The details were confirmed by a senior official at the Department of Public Safety. The investigation is still in the early stages, and the understanding of what happened could still change as video records are synced and enhanced. Presently, records and footage show that a well-equipped group of local officers entered the school almost immediately on the day of the incident and then pulled back once the shooter began firing from inside the classroom. Officers waited for more than an hour to re-engage the gunman.

The Uvalde schools police chief Pete Arredondo told The Texas Tribune that officers tried the doors, found them locked, and had to wait for a master key to unlock them.

He also claimed that they were underprepared and outgunned, armed only with pistols. However, this report says these claims are not true, as officers armed with rifles and tools to bypass doors were apparently on the scene shortly after these events began.

“They had the tools,” said Terry Nichols, a former Seguin police chief and active-shooter expert. “Tactically, there’s lots of different ways you could tackle this. … But it takes someone in charge, in front, making and executing decisions, and that simply did not happen.”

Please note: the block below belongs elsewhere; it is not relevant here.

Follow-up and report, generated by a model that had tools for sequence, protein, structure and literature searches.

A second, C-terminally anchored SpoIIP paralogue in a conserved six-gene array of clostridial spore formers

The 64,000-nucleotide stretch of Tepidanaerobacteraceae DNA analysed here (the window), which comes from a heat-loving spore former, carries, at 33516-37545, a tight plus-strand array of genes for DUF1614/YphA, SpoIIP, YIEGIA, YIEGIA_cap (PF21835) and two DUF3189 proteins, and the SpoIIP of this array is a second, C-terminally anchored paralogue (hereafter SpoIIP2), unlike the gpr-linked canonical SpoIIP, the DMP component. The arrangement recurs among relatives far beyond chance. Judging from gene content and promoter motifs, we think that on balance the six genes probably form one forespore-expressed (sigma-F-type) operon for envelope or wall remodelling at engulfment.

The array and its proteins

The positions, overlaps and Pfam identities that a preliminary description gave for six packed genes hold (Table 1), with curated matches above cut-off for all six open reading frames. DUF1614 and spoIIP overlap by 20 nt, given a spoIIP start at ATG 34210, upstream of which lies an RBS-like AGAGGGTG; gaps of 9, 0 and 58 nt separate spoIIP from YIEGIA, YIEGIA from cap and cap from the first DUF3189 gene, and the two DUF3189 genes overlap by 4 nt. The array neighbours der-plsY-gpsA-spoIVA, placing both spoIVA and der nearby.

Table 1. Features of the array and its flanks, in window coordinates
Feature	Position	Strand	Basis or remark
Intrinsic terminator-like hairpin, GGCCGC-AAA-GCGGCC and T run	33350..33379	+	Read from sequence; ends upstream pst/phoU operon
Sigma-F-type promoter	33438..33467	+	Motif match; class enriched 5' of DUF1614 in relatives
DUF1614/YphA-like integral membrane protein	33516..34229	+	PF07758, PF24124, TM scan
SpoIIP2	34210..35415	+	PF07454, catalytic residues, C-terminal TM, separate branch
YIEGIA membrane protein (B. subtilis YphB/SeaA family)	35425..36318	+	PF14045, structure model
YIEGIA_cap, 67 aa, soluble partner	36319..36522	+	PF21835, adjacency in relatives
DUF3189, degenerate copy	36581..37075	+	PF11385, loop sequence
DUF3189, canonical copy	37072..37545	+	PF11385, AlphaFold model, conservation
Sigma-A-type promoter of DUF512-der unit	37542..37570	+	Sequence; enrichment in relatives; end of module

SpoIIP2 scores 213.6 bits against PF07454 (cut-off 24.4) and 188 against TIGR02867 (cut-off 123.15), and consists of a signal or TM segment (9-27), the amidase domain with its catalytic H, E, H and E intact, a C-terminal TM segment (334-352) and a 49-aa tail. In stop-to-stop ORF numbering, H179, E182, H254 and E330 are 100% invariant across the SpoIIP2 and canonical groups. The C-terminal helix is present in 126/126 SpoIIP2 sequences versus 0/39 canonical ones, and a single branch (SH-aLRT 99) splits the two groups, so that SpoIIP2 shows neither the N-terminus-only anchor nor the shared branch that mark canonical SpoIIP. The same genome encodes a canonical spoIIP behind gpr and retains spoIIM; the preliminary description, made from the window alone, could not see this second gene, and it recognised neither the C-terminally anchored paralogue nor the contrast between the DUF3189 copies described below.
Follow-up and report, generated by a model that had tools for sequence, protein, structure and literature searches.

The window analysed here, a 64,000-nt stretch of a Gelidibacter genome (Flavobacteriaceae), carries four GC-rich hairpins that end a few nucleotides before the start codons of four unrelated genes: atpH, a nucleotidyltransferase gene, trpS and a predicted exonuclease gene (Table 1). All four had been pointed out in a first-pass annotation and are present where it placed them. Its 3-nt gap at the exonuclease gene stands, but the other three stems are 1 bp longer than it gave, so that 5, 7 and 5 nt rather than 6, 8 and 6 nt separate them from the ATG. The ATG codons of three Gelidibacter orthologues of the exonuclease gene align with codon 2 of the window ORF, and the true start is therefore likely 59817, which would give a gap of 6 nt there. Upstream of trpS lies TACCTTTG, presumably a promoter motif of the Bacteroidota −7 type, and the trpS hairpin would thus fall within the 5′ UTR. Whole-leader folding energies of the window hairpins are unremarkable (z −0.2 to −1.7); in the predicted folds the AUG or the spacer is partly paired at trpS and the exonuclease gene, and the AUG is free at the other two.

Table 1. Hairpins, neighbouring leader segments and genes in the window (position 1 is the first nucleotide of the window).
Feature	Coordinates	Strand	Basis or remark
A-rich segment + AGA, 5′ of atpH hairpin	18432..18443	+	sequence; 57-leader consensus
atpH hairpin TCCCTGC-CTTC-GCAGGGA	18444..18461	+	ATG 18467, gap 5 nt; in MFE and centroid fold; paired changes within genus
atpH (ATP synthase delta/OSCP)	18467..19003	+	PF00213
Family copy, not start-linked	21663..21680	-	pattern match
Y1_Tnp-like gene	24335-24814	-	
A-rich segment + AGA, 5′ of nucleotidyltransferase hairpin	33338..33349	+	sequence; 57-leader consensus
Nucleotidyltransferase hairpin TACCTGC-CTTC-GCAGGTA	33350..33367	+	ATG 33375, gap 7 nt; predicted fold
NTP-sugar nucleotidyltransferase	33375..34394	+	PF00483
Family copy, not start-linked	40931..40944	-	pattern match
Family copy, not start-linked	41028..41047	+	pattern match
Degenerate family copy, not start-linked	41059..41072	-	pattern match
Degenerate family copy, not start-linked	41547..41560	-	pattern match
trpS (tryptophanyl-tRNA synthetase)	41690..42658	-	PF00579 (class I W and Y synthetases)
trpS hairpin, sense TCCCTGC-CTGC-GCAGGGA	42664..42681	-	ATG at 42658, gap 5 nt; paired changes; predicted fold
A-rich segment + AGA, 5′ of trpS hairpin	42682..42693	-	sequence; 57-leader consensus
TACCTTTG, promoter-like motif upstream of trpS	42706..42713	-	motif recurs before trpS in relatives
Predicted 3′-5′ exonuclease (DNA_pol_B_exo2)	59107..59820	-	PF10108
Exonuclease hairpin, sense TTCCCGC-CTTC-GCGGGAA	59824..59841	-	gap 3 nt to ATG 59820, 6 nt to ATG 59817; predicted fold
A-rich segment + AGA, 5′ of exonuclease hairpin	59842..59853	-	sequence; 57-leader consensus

Here are some key findings from these records and materials:

  • No security footage from inside the school showed police officers attempting to open the doors to classrooms 111 and 112, which were connected by an adjoining door. Arredondo told the Tribune that he tried to open one door and another group of officers tried to open another, but that the door was reinforced and impenetrable. Those attempts were not caught in the footage reviewed by the Tribune. Some law enforcement officials are skeptical that the doors were ever locked.
  • Within the first minutes of the law enforcement response, an officer said the Halligan (a firefighting tool that is also sometimes spelled hooligan) was on site. It wasn’t brought into the school until an hour after the first officers entered the building. Authorities didn’t use it and instead waited for keys.
  • Officers had access to four ballistic shields inside the school during the standoff with the gunman, according to a law enforcement transcript. The first arrived 58 minutes before officers stormed the classrooms. The last arrived 30 minutes before.
  • Multiple Department of Public Safety officers — up to eight, at one point — entered the building at various times while the shooter was holed up. Many quickly left to pursue other duties, including evacuating children, after seeing the number of officers already there. At least one of the officers expressed confusion and frustration about why the officers weren’t breaching the classroom, but was told that no order to do so had been given.